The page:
Review by James Lindorf
Kate (Emilia Clarke) is a mess. Following a miraculous recovery from death’s door, she has spent every day alienating her friends and family. After escaping the former Yugoslavia, Kate dreamed of being a big star under the lights of London’s West End. Now, physically recovered but unable to regain confidence in her singing voice, she works as an elf in Santa’s (Michelle Yeoh) yuletide shop, rushing from one failed audition to the next. Her social life consists of drunken hookups, couch surfing, and pushing each generous friend to the breaking point. One day, through the shop’s window, she notices Tom (Henry Golding) doing the most peculiar thing, looking up. After joining him to disastrous results and declaring that Tom is weird and not her type, Kate dismisses him from her life. During a chance second encounter, Tom convinces Kate to go for a stroll and to experience the city his way. On November 8th, audiences will find out if Kate can give her heart away, or if she will be the same person that she was Last Christmas.
This Christmas will be the 3rd anniversary of 2-time Grammy winner George Michael’s premature passing. In 2013 he gave his blessing to co-writer, co-producer, and co-star Emma Thompson to write a film inspired by his music. Along with her husband Greg Wise and Byrony Kimmings, Emma created Last Christmas, obviously inspired by the 1986 Wham! hit, more surprisingly, George’s 1991 solo song Heal the Pain is also a significant influence. Last Christmas will feature such classic hits as Everything She Wants, Faith, Fastlove Part1, Freedom! ’90 and Wake Me Up Before You Go-Go, as well as the previously unreleased This is How (We Want You to Get High), that is played in its nearly 6-minute entirety. A ton of talent joined in to bring the vision of the outstanding soundtrack and writing team to life.
Director Paul Feig (Bridesmaids) is back for another unorthodox take on the often overly-simplified Rom-Com genre. Last Christmas is his follow up to 2018’s thriller A Simple Favor, where Feig first worked with Henry Golding. Feig also brought along his longtime editor Brent White (Matilda), to give the film the pacing he and his fans have come to expect. Behind the camera is Academy Award-nominated cinematographer John Schwartzman (Seabiscuit), who provides the film with a fun and vibrant look. In front of the camera is the talented and lovable duo of Emilia Clarke and Henry Golding. Clarke may have the most expressive face in Hollywood at the moment, and the film makes excellent use of that. Relative newcomer, Golding has charisma to burn. Tom insists he can’t sing, but if Golding can, he is the perfect choice for updated takes on some of Fred Astaire or Gene Kelly’s most famous roles. The way he dances his way through the city and his penchant for longer coats make for an easy comparison.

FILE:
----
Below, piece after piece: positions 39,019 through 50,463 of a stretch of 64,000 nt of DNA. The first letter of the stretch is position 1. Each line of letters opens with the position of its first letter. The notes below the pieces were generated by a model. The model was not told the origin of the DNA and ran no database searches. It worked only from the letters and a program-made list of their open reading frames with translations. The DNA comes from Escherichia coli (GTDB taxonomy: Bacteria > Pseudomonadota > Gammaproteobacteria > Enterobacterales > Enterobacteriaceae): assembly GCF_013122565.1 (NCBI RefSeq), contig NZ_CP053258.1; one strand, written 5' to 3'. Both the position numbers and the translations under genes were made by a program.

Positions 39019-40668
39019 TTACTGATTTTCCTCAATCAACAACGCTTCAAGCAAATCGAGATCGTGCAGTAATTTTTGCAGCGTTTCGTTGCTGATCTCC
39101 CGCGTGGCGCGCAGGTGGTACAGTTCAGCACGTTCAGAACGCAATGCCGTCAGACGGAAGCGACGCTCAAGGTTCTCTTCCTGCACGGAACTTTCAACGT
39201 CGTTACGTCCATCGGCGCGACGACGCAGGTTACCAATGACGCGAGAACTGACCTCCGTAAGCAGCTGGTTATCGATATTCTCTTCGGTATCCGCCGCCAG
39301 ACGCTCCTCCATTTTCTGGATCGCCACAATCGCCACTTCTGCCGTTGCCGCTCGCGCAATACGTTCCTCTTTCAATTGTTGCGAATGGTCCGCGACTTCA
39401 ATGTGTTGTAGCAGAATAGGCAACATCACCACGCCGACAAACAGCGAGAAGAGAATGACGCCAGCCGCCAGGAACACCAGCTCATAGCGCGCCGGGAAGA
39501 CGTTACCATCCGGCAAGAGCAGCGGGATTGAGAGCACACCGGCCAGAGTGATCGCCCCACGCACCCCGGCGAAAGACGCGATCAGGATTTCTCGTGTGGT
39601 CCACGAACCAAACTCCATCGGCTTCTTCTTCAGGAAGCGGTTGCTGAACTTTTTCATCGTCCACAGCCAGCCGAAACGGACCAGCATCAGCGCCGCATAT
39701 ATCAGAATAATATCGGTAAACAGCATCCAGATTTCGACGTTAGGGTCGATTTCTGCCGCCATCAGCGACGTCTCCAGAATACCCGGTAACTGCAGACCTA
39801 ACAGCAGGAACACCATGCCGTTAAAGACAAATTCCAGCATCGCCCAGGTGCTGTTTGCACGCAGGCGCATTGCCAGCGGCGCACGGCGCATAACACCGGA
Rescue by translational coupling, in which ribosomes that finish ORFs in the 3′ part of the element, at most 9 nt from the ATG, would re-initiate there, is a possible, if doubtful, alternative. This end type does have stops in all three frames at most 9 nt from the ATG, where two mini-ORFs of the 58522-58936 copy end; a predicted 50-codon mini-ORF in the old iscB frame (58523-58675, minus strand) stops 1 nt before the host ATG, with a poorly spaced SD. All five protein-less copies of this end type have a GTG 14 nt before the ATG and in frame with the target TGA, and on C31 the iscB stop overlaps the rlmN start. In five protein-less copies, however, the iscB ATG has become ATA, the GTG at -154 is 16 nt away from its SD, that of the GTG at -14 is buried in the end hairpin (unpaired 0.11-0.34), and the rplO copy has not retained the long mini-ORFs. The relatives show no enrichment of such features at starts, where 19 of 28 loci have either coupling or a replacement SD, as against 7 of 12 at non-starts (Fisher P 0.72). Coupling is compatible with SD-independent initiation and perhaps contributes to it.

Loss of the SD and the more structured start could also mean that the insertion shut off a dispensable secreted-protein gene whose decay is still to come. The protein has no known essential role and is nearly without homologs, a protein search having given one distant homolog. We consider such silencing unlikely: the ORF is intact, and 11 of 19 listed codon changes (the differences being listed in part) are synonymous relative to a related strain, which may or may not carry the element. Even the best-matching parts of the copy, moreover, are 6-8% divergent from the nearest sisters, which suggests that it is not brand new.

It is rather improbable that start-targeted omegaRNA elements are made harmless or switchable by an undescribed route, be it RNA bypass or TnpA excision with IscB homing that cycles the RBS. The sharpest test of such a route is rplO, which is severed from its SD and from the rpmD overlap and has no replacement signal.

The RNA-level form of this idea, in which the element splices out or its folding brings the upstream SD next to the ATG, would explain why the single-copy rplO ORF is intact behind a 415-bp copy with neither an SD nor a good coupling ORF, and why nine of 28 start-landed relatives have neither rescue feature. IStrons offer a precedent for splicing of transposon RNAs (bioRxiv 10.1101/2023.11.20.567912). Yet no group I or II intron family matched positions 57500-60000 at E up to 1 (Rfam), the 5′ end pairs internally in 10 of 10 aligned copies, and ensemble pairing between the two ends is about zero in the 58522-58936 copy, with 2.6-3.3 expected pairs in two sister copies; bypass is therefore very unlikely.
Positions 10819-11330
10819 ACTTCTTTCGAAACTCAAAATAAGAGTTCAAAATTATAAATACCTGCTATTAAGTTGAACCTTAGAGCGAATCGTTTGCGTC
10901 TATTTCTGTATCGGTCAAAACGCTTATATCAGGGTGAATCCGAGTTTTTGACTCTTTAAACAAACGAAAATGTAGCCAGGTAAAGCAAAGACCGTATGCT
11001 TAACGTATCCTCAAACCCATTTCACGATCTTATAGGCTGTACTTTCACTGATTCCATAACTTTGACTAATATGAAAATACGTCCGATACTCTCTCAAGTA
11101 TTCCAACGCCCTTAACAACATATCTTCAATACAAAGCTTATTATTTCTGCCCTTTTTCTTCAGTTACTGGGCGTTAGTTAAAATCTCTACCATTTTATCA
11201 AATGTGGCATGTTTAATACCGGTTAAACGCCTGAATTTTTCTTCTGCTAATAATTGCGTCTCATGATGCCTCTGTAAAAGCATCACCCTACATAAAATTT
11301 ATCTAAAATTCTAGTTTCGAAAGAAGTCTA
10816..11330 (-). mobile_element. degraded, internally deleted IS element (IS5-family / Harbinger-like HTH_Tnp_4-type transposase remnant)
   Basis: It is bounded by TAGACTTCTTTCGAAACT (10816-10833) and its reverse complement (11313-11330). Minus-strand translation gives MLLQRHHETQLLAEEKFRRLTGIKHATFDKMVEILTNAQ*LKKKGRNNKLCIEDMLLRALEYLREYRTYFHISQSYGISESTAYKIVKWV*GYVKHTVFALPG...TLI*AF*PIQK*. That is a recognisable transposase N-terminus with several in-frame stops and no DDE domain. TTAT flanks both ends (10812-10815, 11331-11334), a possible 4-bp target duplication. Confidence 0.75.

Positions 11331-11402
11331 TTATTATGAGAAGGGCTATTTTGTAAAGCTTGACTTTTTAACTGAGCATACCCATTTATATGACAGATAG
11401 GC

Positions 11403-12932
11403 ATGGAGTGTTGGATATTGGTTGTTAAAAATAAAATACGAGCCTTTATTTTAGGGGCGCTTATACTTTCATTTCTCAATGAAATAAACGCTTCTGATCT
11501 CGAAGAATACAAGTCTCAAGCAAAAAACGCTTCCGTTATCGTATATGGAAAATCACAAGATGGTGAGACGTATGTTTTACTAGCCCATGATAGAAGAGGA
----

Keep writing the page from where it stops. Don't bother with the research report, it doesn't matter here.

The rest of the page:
Kate is in an awful spot, and you can see that she is struggling with her life and her relationships. She is cynical, rude, and sarcastic but also remorseful and scared. Her lack of understanding of who she is after her illness has left her unable to connect in meaningful ways. Kate is the focal point of the film, appearing in all but a handful of scenes. We get to learn a lot about her, her family, and her employer. Dad (Boris Isakovic) is a former lawyer who now drives a cab and looks for reasons to be out of the house. Mom (Emma Thompson) is an overbearing housewife who forces her will on everyone and spends the rest of the time worrying about Brexit. Her sister (Lydia Leonard) has always felt like second best and currently isn’t speaking to Kate, at least until she is driven crazy by endless phone calls from their mother.
In contrast to how much we know about Kate, Tom is as mysterious as he is optimistic. Everything we learn about him, other than his feelings for Kate, is nebulous. We never see him at work, or with friends and family, and he is usually on his way from one thing to the next. He has a habit of disappearing for days on end and only showing up when Kate is at her lowest. We are forced to rely on his good looks, charm, and whimsical outlook on life to connect with him and understand why Kate is falling for him. While Santa, Kate’s boss, gets her own little love story and shares her entire job history. More time should have been dedicated to his character, which would have strengthened the film as a whole.
Emma Thompson is a great actress; however, her presence in the film feels forced and that she is here because of her role in bringing the movie to fruition. She is the only member of Kate’s family played by an easily recognizable actor, and her Yugoslavian accent is a distraction at best. Tom’s underdevelopment, Thompson’s sometimes distracting presence, and random political statements are dings against the movie. Still, they pale in comparison to one moment that can ultimately decide how you feel about Last Christmas. If you are on board with the characters’ revelation, then the humor and talent of everyone involved will make this a holiday film you can revisit with family every year. If not, it may be a gift you’ll want to give away…the very next day.
Last Christmas is a romantic comedy that is more about loving yourself than someone else, an important message sometimes forgotten by the genre at large. It may not rival George Michael’s greatest hits, but it would land somewhere on the Billboard Top 40.
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